Britain pulls back on security endorsement of China's Huawei: Sources

The Huawei logo is seen during the Mobile World Congress in Barcelona, Spain.
The Huawei logo is seen during the Mobile World Congress in Barcelona, Spain.PHOTO: REUTERS

LONDON (REUTERS) - Senior British security officials say they can give only limited assurances that Chinese firm Huawei's UK operations pose no threat to national security, downgrading their previous position, two people with knowledge of the matter told Reuters.

The assessment, in a soon to be published annual report signed off by Britain's GCHQ spy agency, will intensify the espionage debate around Huawei Technologies.

The firm has come under increasing fire in the United States and Australia over concerns it could facilitate Chinese government spying.

Huawei, the world's biggest producer of telecoms equipment, said on Thursday that it welcomed the thrust of the report by the Huawei Cyber Security Evaluation Centre (HCSEC) oversight board, which it said showed supervision by British authorities was working well.

"The report concludes that HCSEC's operational independence is both robust and effective. The Oversight Board has identified some areas for improvement in our engineering processes," a Huawei spokesman said.

"We are grateful for this feedback and are committed to addressing these issues. Cyber security remains Huawei's top priority, and we will continue to actively improve our engineering processes and risk management systems," he said.

Huawei says no inspection has ever found any backdoor vulnerabilities in its equipment. It says it is a private company not under Chinese government control and not subject to Chinese security laws overseas.

The firm is a major supplier of broadband gear and mobile networks in Britain, meaning its products are used in critical national infrastructure which could be targeted by foreign adversaries.

Britain's National Cyber Security Centre, which is part of Government Communications Headquarters (GCHQ) that provides the signals intelligence, had no immediate comment.

HCSEC was set up by Huawei in 2010 in response to British government concerns about possible security threats to national infrastructure. British security officials, including from GCHQ, sit on its oversight board.

London says it effectively addresses security issues by having all Huawei products reviewed by staff at a special company laboratory overseen by British government and intelligence officials.

But for the first time, the upcoming report by the HCSEC oversight board has reduced the level of security assurance provided by HCSEC.

"Whereas in previous reports there was a conclusion that HCSEC could give assurance that risks have been mitigated, this time... they will say limited assurance," said one source.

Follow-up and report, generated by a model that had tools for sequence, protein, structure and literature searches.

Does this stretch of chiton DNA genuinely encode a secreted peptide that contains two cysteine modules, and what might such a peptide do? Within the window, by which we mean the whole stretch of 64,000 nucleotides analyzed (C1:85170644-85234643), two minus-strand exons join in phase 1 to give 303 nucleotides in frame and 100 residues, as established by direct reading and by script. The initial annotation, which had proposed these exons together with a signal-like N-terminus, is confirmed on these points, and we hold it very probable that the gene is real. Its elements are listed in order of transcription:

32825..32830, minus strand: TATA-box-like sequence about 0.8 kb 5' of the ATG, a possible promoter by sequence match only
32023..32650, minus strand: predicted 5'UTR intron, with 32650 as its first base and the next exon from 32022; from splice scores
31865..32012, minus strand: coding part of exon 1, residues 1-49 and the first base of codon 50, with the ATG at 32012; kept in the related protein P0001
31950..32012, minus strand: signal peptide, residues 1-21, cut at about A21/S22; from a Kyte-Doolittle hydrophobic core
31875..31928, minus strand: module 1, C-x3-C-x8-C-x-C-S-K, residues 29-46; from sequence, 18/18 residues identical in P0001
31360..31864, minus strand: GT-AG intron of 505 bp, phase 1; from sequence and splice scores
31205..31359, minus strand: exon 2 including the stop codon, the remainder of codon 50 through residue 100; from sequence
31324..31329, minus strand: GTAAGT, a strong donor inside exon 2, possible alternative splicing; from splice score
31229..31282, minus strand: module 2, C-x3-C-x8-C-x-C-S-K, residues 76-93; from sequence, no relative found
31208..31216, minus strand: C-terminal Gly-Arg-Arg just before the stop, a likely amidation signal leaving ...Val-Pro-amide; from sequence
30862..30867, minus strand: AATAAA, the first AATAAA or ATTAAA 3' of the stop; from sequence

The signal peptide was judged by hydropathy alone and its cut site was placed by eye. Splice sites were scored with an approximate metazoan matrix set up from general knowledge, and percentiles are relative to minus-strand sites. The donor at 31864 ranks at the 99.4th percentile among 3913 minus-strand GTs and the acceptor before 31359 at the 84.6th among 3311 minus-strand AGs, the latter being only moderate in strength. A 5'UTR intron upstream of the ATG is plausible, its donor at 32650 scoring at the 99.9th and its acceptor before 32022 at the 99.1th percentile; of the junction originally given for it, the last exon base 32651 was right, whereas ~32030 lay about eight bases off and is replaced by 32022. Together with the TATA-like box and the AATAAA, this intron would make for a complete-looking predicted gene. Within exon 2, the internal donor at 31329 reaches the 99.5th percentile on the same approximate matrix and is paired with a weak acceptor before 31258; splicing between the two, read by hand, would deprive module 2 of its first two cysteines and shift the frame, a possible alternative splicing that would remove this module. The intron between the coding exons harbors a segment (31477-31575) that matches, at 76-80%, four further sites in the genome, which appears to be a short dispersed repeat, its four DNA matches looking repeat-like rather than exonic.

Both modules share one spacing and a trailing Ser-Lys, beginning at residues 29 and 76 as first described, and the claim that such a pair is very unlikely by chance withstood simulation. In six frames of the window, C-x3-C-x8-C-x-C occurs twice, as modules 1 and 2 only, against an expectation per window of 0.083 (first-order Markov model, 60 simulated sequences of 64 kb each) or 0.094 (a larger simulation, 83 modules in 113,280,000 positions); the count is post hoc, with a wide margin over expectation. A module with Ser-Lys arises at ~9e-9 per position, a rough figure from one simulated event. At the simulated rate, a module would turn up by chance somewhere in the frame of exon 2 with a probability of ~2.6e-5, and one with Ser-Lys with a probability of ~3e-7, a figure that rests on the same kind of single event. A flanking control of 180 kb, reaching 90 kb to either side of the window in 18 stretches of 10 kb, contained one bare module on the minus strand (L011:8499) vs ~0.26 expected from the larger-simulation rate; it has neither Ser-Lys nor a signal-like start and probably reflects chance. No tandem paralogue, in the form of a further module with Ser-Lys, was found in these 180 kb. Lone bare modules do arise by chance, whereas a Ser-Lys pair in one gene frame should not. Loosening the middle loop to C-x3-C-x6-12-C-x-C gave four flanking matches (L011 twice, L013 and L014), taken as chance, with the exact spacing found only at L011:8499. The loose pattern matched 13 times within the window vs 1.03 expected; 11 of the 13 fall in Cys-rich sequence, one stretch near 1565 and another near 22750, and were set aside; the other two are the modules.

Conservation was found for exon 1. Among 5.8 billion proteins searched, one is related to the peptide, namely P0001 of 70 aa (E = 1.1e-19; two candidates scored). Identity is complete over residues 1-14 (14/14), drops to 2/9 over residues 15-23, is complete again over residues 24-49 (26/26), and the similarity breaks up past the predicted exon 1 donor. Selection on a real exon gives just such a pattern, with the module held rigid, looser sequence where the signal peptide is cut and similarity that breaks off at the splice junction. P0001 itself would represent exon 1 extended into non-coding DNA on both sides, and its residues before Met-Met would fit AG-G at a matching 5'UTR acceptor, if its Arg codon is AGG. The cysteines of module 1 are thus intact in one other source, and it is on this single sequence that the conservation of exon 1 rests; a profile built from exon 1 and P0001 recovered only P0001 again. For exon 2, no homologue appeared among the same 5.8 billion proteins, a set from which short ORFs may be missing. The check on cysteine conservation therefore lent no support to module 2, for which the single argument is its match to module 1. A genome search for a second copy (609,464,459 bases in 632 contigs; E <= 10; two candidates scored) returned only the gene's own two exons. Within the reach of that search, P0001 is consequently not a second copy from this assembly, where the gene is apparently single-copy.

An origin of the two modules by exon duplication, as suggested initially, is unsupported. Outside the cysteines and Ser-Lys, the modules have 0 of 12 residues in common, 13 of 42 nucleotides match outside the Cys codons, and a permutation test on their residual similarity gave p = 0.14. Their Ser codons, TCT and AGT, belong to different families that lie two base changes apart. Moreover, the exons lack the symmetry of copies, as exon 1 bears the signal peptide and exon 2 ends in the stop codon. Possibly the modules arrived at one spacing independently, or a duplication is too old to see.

"This is a big change, though understated," the person said. All sources contacted for this report declined to be named because the government documents have not yet been published.

NOTHING 'SINISTER'

All three previous oversight board reports concluded that HCSEC provided "assurance that any risks to UK national security from Huawei's involvement in the UK's critical networks have been sufficiently mitigated."

Reuters was not able to establish why that conclusion had changed, what recommendations the oversight board had made, or what any consequences of the report would be.

Both sources said the change of assessment was related to routine issues with product engineering and that nothing"sinister" has been found.

Technical issues are commonly found in all technology products and fixed by manufacturers but can be exploited by hackers if ignored.

Huawei has been deepening ties in Britain over the last decade and now supplies broadband equipment to the country's largest telecoms provider, BT Group, and mobile networks for wireless giant Vodafone Group.

It is also a major supplier to other European telecom carriers including Deutsche Telekom and Telefonica .

The company employs 1,500 people in Britain and in February pledged to spend a further £3 billion (S$5.3 billion) in Britain following a high-profile meeting between chairwoman Sun Yafang and British Prime Minister Theresa May.

That is in stark contrast to the United States, where lawmakers have stepped up efforts to bar Huawei equipment from the country's networks.

Huawei has also been thwarted in its efforts to establish its US mobile handset business. The largest US consumer electronics retailer, Best Buy, has stopped stocking Huawei products, and a potential breakthrough deal with US carrier AT&T collapsed in January.

Australia is also preparing to ban Huawei from supplying equipment for its planned 5G broadband network, two sources told Reuters last week, after its intelligence agencies raised concerns that Beijing could force the company to hand over sensitive data.